“I’m overwhelmed,” Jonathan Cheban, outfitted in his signature “food god” denim jacket, said on Tuesday night, standing not too far off from the head and apparently crystallized neck of a very alive model staring stonily ahead as if it were perfectly normal to have the rest of his body encased in a box of dirt. “I can’t believe these people are alive and in there sitting, breathing.”
Disbelief has been rampant in the week or so since Kim Kardashian, Chrissy Teigen, and Tan France all casually posted photos showing that they’d temporarily mutated themselves for the sake of fashion—and, as it turned out, for their friend Simon Huck, the PR exec behind A. Human, an immersive, theatrical art experience that, with a little help from some prosthetic silicone produced in Atlanta, allows anyone with $40 to experiment with the idea of changing your body as easily as you can change clothes.
And while along with disbelief there’s been plenty of rather strong reactions to Kardashian’s apparent LED implant of a necklace, which lit up in accordance to the beat of her heart, and Teigen’s sprouting feathers, there’s also been no shortage of fascination with it all—even with celebrities like Katie Holmes and Nina Agdal, who were just a couple of the guests who turned up in droves to the opening to see up close what was going on. Even Cheban, who’s friends with Kardashian and used to work with Huck, had been a bit at a loss beforehand: “Simon was telling me about it, but I didn’t understand what he was talking about,” he explained. “Then I saw Kim and Chrissy’s posts and I was like, ‘Oh my God.'”
As for the actual launch? Well, to start, there was the live model’s head there to greet you as soon as you walked through the door and onto the dirt, which littered the floor along with groupings of rocks and tropical plants. Past that rather alarming threshold, where a pair of hands and a spiky blue back emerged from another set of boxes, were a couple of bright yellow walkways that showcased all the different types of body modifications the pop-up offers, from the “Tudor” neck ruffles that France had opted for to a set of spiky, Nicola Formichetti–designed shoulders that another live model, who was encased in a display box, showed off.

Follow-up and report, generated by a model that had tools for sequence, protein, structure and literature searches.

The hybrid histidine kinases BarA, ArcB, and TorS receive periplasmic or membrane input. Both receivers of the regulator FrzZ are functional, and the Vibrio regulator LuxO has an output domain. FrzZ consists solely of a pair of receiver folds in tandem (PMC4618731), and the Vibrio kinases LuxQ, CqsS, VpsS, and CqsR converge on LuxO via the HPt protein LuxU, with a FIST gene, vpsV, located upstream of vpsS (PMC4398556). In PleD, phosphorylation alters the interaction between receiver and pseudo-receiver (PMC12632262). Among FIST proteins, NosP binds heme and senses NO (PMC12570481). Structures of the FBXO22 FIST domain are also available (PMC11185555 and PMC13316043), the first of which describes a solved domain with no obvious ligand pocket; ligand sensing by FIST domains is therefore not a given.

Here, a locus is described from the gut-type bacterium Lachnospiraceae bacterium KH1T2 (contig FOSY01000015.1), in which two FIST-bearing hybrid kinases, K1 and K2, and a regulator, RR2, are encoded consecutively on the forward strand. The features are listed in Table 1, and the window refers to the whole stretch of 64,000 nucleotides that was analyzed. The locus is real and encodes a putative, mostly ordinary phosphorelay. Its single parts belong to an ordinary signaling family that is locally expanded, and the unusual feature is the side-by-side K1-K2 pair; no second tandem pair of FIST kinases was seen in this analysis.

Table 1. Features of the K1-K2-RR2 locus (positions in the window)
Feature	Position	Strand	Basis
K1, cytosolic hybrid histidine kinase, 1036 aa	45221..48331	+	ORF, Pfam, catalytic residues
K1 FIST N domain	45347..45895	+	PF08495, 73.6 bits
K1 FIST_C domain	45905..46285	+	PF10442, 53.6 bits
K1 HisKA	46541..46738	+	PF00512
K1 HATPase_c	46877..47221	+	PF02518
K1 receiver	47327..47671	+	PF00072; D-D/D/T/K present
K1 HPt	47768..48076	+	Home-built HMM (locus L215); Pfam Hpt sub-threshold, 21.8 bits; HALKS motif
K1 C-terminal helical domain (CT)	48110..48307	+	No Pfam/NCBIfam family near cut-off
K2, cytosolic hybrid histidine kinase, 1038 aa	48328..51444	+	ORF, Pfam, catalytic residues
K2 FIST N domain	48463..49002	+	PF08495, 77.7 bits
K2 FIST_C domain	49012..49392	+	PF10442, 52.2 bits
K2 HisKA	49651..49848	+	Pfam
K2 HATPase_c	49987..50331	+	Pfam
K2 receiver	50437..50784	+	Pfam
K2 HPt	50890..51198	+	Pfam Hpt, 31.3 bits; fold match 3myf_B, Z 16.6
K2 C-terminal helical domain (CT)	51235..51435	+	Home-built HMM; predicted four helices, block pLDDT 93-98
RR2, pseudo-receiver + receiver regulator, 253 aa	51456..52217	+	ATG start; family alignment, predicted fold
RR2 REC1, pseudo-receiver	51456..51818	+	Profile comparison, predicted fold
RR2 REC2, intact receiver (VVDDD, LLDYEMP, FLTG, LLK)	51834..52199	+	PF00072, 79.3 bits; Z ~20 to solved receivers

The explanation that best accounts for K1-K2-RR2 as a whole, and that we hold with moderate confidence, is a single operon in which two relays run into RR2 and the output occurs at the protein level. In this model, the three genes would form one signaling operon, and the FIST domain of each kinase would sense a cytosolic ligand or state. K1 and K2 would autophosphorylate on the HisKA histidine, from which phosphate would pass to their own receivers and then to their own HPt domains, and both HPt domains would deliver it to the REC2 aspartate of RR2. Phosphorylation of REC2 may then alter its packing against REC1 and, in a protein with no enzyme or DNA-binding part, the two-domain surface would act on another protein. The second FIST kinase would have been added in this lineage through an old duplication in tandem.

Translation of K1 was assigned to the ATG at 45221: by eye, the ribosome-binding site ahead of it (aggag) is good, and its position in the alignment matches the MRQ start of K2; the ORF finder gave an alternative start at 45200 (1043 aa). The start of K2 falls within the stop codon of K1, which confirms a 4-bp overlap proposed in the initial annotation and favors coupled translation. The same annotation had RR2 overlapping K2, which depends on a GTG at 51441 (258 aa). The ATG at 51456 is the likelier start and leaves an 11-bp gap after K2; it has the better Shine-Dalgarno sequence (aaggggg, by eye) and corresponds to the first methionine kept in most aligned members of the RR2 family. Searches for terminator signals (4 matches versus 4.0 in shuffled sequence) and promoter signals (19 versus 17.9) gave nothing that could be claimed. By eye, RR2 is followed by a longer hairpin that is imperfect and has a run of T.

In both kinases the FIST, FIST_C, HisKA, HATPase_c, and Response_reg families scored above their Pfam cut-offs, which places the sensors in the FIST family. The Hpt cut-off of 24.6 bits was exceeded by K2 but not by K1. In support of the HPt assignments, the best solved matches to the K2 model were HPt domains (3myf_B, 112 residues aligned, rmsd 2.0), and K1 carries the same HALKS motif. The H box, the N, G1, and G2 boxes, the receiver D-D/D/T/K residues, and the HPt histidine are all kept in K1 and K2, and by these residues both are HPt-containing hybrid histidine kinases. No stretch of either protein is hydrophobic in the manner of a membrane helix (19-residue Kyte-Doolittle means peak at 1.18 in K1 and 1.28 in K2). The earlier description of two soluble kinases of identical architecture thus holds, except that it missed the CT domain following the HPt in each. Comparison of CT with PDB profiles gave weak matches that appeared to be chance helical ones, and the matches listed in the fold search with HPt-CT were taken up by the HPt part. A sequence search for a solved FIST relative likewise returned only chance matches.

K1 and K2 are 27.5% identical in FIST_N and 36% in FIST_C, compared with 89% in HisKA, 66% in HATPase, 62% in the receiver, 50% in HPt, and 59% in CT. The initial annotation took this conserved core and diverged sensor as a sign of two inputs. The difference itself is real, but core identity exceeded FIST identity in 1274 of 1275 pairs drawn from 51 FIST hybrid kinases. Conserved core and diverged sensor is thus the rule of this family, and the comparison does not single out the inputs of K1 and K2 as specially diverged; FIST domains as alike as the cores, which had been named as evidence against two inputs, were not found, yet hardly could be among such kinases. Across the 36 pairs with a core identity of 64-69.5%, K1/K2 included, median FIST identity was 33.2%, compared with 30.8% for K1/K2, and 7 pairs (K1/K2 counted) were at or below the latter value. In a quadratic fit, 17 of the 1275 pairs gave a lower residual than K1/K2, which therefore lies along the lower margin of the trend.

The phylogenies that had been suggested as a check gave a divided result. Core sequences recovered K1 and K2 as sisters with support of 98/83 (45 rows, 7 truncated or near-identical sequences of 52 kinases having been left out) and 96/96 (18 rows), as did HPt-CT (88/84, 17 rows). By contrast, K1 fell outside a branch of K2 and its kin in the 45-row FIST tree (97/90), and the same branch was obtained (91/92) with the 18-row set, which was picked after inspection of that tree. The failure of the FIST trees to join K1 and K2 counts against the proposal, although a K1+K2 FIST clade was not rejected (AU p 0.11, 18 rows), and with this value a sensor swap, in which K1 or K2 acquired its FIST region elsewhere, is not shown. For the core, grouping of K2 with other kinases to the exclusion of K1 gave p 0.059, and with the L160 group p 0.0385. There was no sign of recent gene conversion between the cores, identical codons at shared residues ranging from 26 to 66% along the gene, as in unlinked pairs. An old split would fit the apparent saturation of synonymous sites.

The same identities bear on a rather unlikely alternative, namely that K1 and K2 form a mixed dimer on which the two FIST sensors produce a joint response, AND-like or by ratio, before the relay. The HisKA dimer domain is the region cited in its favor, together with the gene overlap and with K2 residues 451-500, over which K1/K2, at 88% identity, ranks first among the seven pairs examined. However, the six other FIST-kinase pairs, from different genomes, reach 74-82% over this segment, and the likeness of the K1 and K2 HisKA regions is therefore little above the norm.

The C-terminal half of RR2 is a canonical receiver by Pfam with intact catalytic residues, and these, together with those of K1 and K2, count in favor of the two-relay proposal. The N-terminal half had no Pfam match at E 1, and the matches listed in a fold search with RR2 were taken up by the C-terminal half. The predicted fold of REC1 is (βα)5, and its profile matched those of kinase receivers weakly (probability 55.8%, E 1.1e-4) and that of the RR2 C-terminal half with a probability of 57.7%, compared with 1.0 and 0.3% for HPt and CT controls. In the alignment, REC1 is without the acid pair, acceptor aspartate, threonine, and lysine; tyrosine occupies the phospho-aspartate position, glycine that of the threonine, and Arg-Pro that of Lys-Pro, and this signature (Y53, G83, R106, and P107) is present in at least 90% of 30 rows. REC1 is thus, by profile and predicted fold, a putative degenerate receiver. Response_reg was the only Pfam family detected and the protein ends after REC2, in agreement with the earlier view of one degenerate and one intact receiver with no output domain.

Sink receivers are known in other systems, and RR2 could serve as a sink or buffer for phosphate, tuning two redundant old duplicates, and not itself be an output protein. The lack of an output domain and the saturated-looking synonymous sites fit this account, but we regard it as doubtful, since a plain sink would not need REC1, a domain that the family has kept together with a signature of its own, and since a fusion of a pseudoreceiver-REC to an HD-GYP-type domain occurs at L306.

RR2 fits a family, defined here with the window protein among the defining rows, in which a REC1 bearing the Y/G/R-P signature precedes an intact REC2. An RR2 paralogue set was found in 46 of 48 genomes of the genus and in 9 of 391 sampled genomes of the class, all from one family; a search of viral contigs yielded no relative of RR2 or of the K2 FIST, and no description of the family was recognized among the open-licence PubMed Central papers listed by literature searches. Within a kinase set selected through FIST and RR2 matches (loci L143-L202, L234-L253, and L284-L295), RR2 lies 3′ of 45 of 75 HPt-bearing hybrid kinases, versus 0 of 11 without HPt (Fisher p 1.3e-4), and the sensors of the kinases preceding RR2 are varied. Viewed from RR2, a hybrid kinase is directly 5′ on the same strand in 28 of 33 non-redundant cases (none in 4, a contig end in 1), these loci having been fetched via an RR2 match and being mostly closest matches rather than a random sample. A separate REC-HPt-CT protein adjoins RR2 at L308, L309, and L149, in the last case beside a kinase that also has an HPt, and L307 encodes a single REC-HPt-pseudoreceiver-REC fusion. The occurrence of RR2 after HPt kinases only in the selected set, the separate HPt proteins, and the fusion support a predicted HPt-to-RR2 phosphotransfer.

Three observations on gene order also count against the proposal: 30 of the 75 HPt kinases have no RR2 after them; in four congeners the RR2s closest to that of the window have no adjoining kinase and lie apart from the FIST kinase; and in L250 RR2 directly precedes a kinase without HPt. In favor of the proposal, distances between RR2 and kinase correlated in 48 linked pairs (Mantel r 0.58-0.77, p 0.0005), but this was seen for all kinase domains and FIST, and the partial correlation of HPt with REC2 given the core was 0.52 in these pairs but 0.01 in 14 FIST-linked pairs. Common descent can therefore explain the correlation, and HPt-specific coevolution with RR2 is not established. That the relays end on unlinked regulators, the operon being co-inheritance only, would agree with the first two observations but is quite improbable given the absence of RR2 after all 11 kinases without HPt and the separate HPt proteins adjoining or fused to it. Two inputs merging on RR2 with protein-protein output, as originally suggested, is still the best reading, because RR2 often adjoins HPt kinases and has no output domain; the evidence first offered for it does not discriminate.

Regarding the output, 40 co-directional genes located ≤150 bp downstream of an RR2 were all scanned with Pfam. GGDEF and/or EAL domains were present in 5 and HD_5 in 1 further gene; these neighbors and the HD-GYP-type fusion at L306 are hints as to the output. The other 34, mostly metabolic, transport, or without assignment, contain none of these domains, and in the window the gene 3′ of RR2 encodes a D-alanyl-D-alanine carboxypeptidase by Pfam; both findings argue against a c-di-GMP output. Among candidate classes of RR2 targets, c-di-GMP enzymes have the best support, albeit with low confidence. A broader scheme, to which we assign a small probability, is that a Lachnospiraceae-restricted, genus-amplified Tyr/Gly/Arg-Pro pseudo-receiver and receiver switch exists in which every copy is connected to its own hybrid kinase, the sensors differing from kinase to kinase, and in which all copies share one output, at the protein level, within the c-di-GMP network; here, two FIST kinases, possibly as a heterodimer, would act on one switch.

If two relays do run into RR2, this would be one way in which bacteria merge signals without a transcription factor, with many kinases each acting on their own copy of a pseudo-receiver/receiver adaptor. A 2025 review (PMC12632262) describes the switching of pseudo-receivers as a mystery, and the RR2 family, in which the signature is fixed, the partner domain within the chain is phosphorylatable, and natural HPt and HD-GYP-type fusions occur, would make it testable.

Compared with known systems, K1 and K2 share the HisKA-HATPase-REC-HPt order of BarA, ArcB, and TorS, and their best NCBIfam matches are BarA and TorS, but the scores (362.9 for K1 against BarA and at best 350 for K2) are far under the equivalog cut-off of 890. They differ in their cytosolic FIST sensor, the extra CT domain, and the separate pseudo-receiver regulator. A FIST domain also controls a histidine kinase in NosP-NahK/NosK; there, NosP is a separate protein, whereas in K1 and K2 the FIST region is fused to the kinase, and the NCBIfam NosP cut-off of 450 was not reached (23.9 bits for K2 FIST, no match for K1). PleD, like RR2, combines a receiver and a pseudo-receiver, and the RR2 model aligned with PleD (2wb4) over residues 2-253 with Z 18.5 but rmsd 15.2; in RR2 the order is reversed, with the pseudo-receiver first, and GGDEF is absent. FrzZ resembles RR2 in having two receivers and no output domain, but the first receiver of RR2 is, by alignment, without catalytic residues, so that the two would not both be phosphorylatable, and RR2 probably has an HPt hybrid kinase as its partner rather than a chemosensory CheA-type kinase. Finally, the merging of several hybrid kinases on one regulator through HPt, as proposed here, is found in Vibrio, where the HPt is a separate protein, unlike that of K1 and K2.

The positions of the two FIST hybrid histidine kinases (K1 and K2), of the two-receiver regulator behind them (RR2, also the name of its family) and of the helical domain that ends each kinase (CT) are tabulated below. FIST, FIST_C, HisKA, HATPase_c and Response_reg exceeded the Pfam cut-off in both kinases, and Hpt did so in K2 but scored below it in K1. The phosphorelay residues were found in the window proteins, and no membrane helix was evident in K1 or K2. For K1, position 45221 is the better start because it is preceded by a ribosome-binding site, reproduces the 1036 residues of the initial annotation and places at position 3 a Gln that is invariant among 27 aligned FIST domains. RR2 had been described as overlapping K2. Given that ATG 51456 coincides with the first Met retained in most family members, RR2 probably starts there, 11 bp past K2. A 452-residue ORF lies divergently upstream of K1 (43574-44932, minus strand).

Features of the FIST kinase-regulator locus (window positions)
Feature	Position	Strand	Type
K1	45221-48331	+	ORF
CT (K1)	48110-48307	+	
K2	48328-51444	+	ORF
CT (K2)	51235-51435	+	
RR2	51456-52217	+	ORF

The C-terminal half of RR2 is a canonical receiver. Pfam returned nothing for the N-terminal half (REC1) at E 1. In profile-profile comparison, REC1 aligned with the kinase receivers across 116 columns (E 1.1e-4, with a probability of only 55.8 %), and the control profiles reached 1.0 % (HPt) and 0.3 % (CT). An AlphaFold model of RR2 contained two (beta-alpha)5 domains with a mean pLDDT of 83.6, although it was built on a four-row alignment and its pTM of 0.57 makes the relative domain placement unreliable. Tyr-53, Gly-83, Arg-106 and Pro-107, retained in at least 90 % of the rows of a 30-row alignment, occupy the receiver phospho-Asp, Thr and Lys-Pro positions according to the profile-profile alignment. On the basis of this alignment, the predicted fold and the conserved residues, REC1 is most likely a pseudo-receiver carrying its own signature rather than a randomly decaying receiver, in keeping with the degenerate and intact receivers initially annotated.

Between a so-called “pump room” that featured what appeared to be a beating human heart and the red cave of a shop, which sells merch for those looking to tell the world that they indeed are “a human,” there was, of course, the party, where Huck mingled with Holmes and a sci-fi writer he’d worked with on A. Human, and addressed some of the curiosity behind the whole thing. He’s well aware of the skepticism—”my boyfriend was like, have you lost your mind?”—but he also made it clear that people like Kardashian and Teigen have been fans from the start. “They were like, You’re building a futuristic world? Where do we sign up?“
I had a similar question—though it was hard not to take it a bit personally when I clicked the button on an iPad reading “create your heart,” and the screen promptly went blank. So, I resolved to go back to engaging with the real humans around me—and particularly the one modeling the shoulders, who had been looking my way. I smiled—no response—and then winked, which only prompted my own response: a wave of embarrassment, followed by a realization of how absurd it was that a person who’d been sitting with their head in a display box for the past two hours could make me feel like I was being weird. What can I say? I’m human, and there appears to be no better place to realize that than inside Huck’s so-called “adult Disney World.”